Toomevara author Brendan Lynch, left, at the unveiling of a plaque in Dublin to fellow Tipperary writer and artist John Ryan, with Sen David Norris, and commemoration organiser Peter McDonnell
Toomevara author Brendan Lynch and Sen David Norris unveiled a plaque in Dublin’s Duke Street to commemorate artist and writer John Ryan, who died in 1992.
He was founder of Envoy literary magazine, and benefactor to Brendan Behan, Patrick Kavanagh and many writers of the 1950s.
John Ryan’s father Seamus, a South Tipperary senator, founded the Monument Creameries chain of restaurants. John’s sister, Kathleen Ryan, was a film actor who appeared in such films as Odd Man Out.
“In the late 1950s, I lived in the heart of Dublin’s Bohemia in Upper Mount Street. The Censorship Board ensured that John Broderick, Austin Clarke and John McGahern followed Sean O’Casey into exile,” said Brendan.
Yet a golden age thrived with the likes of Flann O’Brien, James Plunkett, Behan and Kavanagh and poets John Montague and Paul Durcan; Liam Miller’s Dolmen Press; Alan Simpson’s Pike Theatre, and hard-working artists such as John Behan, Nevill Johnson and Pauline Bewick.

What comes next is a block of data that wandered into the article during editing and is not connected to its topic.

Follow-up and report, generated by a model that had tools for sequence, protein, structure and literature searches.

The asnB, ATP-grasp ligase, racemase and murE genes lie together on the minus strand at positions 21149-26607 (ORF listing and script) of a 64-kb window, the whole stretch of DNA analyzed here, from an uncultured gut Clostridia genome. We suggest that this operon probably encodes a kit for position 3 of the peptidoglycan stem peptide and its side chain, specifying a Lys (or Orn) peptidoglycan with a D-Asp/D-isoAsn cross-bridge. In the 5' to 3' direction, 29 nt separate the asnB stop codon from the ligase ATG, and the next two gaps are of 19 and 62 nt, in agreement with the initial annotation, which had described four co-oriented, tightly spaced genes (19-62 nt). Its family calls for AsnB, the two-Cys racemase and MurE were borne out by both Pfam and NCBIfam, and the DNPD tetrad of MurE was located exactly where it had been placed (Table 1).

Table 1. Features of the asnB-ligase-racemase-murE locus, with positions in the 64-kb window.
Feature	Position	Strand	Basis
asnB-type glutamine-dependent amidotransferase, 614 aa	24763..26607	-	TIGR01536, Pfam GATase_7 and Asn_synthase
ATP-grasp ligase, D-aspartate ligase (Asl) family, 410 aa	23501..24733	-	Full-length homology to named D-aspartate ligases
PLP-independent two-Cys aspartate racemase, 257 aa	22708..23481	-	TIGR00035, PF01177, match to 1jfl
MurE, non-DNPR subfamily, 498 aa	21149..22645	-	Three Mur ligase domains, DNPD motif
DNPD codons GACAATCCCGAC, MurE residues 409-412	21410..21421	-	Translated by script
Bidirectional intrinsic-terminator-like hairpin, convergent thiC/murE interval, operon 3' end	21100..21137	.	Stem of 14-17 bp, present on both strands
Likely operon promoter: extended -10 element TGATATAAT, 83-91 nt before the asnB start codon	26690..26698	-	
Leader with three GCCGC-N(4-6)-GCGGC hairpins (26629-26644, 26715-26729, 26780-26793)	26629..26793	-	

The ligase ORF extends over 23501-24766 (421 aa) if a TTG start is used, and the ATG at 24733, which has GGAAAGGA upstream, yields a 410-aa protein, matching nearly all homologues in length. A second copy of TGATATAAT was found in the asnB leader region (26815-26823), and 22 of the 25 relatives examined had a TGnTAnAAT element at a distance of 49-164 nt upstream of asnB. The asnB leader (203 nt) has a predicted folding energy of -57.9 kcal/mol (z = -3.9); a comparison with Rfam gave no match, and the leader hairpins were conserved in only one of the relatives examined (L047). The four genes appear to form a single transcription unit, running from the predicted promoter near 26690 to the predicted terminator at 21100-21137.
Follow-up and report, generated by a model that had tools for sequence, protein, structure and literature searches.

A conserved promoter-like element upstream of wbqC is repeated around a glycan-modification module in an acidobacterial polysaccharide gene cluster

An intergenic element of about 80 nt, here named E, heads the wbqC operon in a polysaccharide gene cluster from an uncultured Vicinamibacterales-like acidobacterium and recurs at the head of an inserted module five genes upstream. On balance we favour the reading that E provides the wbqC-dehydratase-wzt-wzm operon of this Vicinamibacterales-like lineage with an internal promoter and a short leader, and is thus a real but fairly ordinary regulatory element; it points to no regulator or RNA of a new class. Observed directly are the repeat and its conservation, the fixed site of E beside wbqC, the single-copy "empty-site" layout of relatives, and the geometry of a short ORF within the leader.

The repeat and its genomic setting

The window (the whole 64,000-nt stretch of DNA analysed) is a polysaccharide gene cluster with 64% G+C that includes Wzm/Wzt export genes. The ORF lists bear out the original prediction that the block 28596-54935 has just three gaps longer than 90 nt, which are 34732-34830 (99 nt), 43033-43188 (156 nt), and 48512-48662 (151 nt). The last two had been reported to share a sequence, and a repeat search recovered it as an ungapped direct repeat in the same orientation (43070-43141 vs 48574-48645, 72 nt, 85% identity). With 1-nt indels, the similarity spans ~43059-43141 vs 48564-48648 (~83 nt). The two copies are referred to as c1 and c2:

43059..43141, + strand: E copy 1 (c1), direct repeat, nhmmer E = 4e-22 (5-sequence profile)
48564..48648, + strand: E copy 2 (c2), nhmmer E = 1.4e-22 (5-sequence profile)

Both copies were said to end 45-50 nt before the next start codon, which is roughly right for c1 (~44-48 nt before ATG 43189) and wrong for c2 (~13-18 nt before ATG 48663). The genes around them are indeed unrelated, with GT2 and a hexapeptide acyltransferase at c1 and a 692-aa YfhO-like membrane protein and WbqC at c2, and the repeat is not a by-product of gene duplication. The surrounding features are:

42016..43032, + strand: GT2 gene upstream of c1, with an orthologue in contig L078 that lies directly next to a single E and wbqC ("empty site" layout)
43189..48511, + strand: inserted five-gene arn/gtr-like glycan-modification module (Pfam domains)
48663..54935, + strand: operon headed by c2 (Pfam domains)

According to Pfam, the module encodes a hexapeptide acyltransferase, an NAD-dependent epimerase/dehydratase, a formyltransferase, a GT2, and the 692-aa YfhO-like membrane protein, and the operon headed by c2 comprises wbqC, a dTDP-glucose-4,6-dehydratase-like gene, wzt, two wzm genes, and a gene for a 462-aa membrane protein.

“At the heart of this flowering was John Ryan, whose largesse and encouragement nourished so many of them, and whose Envoy campaigning helped end the ludicrous ceonsorship, which had sent the likes of Sean O’Casey, Samuel Beckett and John McGahern into exile.
“John was also very helpful to me when I was preparing my books on literary Dublin. We had many a chat, as I wheeled him around Donnybrook’s Royal Hospital before his untimely death at the age of 67,” he said.
Among the attendance were John Ryan’s widow, Dee, and her family, and Philip Donleavy, son of Ginger Man author JP Donleavy, whose first story John Ryan published in Envoy magazine.
“This commemorative plaque is a fitting tribute, not only to fellow Tipperaryman John Ryan, but also to an inspirational and unforgettable era in Irish literature and art,” said Mr Lynch.
Brendan Lynch expects to publish his next book, Princess of the Orient, in August.